1. I suspect that Plaintiff is, not to put too fine a point on it, insane. I know even paranoids have enemies, but the likelihood that Defendant specifically chose the anniversary of a ferry accident to target her, and has been messing with her emails and phones is more than a little far-fetched. Plaintiff’s views on chemtrails, microwaves and reptiloids might be illuminating.

        1. She made bank on that claim:

          $813,408 for damages, even though she made max $11,000 per year from the art she claims she couldn’t do over the past six years. Fast forward to now and she’s still making art like she used to. She’s even sued a couple on eBay because they misidentified her as the painter of a 1972 work. It’s been mostly dismissed but one claim is going forward.

          “Trombetta testified she had tried many alternative treatments for her chronic pain, including “Brazilian energy healers.””

          1. This lady has to know somebody important or is really dedicated to getting her name everywhere. She’s pretty much a nobody but she made ridiculous money on that claim, she’s been interviewed by the WSJ about “fancy sugar cubes”, has led an art workshop in Tuscany (after she couldn’t do her art anymore, of course), and won a free trip to the Hague, among other numerous art-related things. She positively infests the internet.

            1. “and won a free trip to the Hague, among other numerous art-related things. She positively infests the internet.”

              She was bitten by a radioactive thumb drive and now has the powers of a computer virus.

      1. Plaintiff “insane,” but no comment about defendant?

    2. It sounds like she also sent two emails: an apology and one that backed right out of it. Still not actionable, obviously.

  3. The Jack Chick tract against the evils of Dungeons and Dragons, called Dark Dungeons ….some of the best ironic camp.

  4. A more general question to people who think this is an actionable threat.

    A black person sits in the front of the bus, right next to a white segregationist, maybe tries to start a conversation with him. Can the segregationist sue? After all, he was specifically targeted, just like here. He was the recipient of unwanted communication, just like here. He feels threatened by the approach and the communication, just like here.

    What’s the difference? Is it that while it’s not OK to find black people threatening, it is OK to find religious people threatening?

    1. Not based on those facts alone.

      But if the communication contains content that could specifically be taken as threatening and expressing a desire that the segregationist suffer torture, it could be.

      It’s the combination of unwanted communication, specific targeting, and harassing content that gets this over the top.

      1. That’s a non responsive answer. The hypo says the segregationist took it as threatening. Of course it could be taken as threatening. It was. Let’s further stipulate that the black person gave a glance that a white police officer today would testify represented a “threatening look.”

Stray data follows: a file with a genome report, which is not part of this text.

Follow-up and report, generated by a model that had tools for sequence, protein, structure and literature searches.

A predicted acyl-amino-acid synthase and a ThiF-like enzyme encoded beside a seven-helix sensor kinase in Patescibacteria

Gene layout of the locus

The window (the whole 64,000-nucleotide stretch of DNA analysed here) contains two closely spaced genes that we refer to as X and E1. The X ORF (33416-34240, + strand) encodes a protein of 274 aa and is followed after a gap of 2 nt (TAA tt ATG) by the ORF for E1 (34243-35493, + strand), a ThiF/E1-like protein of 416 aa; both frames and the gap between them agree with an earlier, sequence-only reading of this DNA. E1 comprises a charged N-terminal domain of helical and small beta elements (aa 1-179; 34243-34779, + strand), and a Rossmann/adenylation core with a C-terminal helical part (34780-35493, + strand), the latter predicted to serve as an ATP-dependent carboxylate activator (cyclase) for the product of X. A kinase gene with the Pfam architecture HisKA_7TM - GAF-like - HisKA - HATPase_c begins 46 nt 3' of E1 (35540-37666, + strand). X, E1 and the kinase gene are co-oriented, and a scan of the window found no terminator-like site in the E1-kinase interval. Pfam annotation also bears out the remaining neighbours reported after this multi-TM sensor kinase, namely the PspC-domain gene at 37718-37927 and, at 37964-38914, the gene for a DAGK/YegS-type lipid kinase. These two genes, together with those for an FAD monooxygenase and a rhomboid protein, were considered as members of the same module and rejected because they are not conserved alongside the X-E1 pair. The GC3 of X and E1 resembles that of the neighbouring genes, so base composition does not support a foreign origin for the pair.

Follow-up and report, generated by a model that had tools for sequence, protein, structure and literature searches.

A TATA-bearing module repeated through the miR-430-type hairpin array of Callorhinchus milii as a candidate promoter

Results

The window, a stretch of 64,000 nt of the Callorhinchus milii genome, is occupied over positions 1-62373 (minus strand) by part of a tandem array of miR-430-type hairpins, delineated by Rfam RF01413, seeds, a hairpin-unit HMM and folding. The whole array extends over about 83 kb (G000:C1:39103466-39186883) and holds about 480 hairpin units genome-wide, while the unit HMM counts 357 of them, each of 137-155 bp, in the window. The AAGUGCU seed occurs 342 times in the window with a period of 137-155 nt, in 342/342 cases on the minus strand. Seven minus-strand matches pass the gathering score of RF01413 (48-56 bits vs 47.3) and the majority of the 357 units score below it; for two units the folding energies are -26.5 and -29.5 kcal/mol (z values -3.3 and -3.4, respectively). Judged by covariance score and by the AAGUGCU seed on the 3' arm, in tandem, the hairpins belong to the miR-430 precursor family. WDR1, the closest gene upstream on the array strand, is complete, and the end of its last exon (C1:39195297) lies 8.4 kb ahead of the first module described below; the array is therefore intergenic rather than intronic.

1. Heck, let’s even stipulate the black person wore baggy, threatening-looking clothes.

        2. The issue isn’t simply that someone subjectively takes it as threatening.

          It is quite objectively unreasonable to send a creepy targeted communication threatening a specific person with eternal torture.

  5. How did the law firm handle the misappropriation of its name and the diminution of its reputation? Is this paralegal (or legal secretary) still employed?

  6. You should make sure not to proselytize someone without first making certain that (i) nothing bad happened to them in the past on a date related to the proselytization, and (ii) nothing violent has happened in the world in the past year. Other than that, you’re kosher.

    1. How about religious people stop thinking that everyone in the world who rejects their beliefs does so because they are too stupid to have ever heard about them?

      It’s not like one on one “prosletyzation” is some great social good. If it’s done in a non-threatening manner, sure. I once had a Mormon lawyer at a lunch try to broach the subject. That was fine! He wasn’t threatening me, we were in a casual situation, there was nothing creepy or coercive about the thing.

      But churches have websites, and television shows, and they place advertisements. There’s plenty of ways to “spread the Gospel” without being an arrogant asswipe who sends out threatening communications promising eternal torture.

      1. Humanity has been down that path.

        The solution is to deny government power over speech and religion. Do not give holes for control of speech and religion. You are not learning from history.

        1. Every government, including ours, has some power over speech and religion. Many societies are nonetheless reasonably defined as free.

          The world won’t come to an end if we impose time place and manner restrictions on prosletyzation.

          1. ” time place and manner restrictions on prosletyzation”

            It was one mailing. You say that one mailing was improper. So, your approved amount of prosletyzing is none.

            A complete ban is not a “time place and manner restriction”, its a ban.

            1. Not to mention, there isn’t really any way to apply time or place restrictions to proselytizing through the mail.

            2. This isn’t a complete ban. Plaintiff is seeking a pretty narrow rule that wouldn’t even apply to most mailed religious communications.

              1. My mistake. It only bans “creepy” things you don’t like.